- Blog By
Ms. Sumita Sen Mazumdar
Erode – KG Academic Coordinator
The Indian Public School
May 21, 2021 | In Blog
The word corporate brings to mind the typical image of a giant organisation with numerous people in various departments and department heads reporting to a CEO, who in turn reports to a board of directors. This is a fairly common structure in the business world.
Bigger than before
Given the sheer size of some schools today, it would be a fairly logical progression of thought to say that schools need to be run like corporates. Now, many people may find this to be an unnecessary notion, objectionable even. After all, it’s a school. Teachers teach. Students learn.
What more is there to it? Possibly, they could equate imbibing corporate culture with commercialisation and a deliberate distancing from that personal touch we expect from school staff when handling matters related to the education and overall development of a child at school. Designations such as facilitators, team leads, coordinators & managers seem out of place and more apt for a company, not a school.
More than meets the eye
If you read that sentence somewhere above again, carefully this time, it said “…run like corporates,” and not “have become corporates.” This is because despite taking on the positive practices and attributes of a well-run corporation in order to manage daily functioning efficiently, schools remain schools.
To be fair, population did explode. Where 3 sections, A, B and C were more than enough, now J could be in the running too, depending on how popular a school is. Furthermore, earlier education was a ‘one-size-fits-all’ kind of proposition that never appreciated or encouraged individual interests or talents. There was no room for a kinaesthetic learner, for instance; no pathway that showcased your strengths or interests – if you were brilliant in English and Maths but detested chemistry you still had to take it and this meant bad chemistry grades, which in turn brought down your average. Let’s not forget how there used to be one hapless teacher for a class of 35 to 40 students.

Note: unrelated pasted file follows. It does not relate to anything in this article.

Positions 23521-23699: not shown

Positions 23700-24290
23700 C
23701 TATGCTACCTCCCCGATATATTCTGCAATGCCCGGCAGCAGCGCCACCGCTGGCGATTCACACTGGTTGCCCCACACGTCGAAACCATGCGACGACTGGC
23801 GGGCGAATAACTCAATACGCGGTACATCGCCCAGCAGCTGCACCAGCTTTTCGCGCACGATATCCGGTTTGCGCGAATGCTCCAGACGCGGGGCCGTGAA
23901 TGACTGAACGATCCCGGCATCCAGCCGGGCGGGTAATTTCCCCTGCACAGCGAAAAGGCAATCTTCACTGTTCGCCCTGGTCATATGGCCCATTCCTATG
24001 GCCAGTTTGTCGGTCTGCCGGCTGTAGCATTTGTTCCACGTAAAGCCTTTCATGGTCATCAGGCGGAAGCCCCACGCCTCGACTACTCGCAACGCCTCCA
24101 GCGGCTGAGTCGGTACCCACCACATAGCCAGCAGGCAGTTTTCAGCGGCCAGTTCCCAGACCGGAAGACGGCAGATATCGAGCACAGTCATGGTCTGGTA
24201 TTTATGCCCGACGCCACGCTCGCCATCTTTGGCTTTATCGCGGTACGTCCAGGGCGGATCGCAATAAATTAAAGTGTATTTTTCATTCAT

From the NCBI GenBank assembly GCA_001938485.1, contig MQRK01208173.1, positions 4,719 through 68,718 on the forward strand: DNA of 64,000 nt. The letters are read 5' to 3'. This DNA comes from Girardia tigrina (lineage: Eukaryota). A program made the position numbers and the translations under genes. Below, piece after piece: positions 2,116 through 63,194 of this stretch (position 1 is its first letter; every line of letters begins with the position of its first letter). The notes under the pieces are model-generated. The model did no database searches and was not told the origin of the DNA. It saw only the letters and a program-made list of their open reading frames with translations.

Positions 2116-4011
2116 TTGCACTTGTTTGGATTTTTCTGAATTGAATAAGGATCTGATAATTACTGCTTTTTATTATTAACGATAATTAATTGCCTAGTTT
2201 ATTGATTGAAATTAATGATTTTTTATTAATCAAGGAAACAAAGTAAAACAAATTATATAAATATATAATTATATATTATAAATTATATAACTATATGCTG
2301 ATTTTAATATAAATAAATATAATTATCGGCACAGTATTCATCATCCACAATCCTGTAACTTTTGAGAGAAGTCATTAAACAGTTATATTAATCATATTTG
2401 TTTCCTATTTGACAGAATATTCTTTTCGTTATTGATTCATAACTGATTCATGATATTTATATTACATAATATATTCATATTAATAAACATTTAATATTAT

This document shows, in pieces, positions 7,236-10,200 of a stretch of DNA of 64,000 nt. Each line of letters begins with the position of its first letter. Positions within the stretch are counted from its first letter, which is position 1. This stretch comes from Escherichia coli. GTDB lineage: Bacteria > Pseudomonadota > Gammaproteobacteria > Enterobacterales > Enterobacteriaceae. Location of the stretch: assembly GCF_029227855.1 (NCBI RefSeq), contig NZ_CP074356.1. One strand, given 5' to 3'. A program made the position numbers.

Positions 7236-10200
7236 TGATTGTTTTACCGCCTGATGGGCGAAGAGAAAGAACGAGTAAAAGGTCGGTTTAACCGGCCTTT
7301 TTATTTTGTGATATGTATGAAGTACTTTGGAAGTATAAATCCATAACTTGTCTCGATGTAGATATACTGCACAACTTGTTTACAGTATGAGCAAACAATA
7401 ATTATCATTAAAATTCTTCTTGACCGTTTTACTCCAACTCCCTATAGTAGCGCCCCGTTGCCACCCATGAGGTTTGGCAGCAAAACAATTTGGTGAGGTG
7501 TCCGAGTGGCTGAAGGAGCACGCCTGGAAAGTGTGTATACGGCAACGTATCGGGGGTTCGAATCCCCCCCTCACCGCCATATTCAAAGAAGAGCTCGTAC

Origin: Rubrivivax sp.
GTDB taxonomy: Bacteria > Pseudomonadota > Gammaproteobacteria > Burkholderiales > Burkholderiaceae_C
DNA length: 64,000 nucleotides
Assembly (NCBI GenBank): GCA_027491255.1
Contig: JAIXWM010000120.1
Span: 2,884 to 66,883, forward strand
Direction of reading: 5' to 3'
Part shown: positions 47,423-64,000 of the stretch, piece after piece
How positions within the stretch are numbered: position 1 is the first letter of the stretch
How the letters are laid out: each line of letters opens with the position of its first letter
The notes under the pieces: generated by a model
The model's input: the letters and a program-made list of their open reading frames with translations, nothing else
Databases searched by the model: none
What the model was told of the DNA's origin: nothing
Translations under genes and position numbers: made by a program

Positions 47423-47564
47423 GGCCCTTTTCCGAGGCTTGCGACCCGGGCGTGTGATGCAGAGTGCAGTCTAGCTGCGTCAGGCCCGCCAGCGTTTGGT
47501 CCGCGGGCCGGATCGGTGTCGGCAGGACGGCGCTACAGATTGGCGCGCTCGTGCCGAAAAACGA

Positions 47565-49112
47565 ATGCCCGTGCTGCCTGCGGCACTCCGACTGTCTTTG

There’s so much more now
Enlightened schools are ones that understand education must be adapted to the different aptitudes as well as rates of learning of a slow learner or a fast learner so as to benefit both in the long run; that a sensible teacher-student ratio must be maintained to ensure excellence in lesson delivery and learning experience; that physical comfort in terms of a well-lighted, temperature-controlled, spacious classroom can significantly enhance concentration on the lesson instead of discomforting elements; that PT class can include so much more than just freehand exercises done standing in a line. Horse riding, swimming and soccer are physical activities too!
Taking the best from corporate philosophy
So, in addition to managing academic disciplines, to run so many different things simultaneously and efficiently, top-performing schools see the wisdom in adopting some useful practices from a typical corporate structure. There are teams in place for the different functional areas of a school with a hierarchical system similar to corporate structures to maintain accountability. The chain continues upwards with increasing levels of complexity. This continues side by side with traditional school practices.
So, who gains?
At the end of the day, this benefits the students the most; it paves the way for a school to ensure delivery of extraordinary education, exposure and experience to facilitate the transformation of students into lifelong learners and achievers.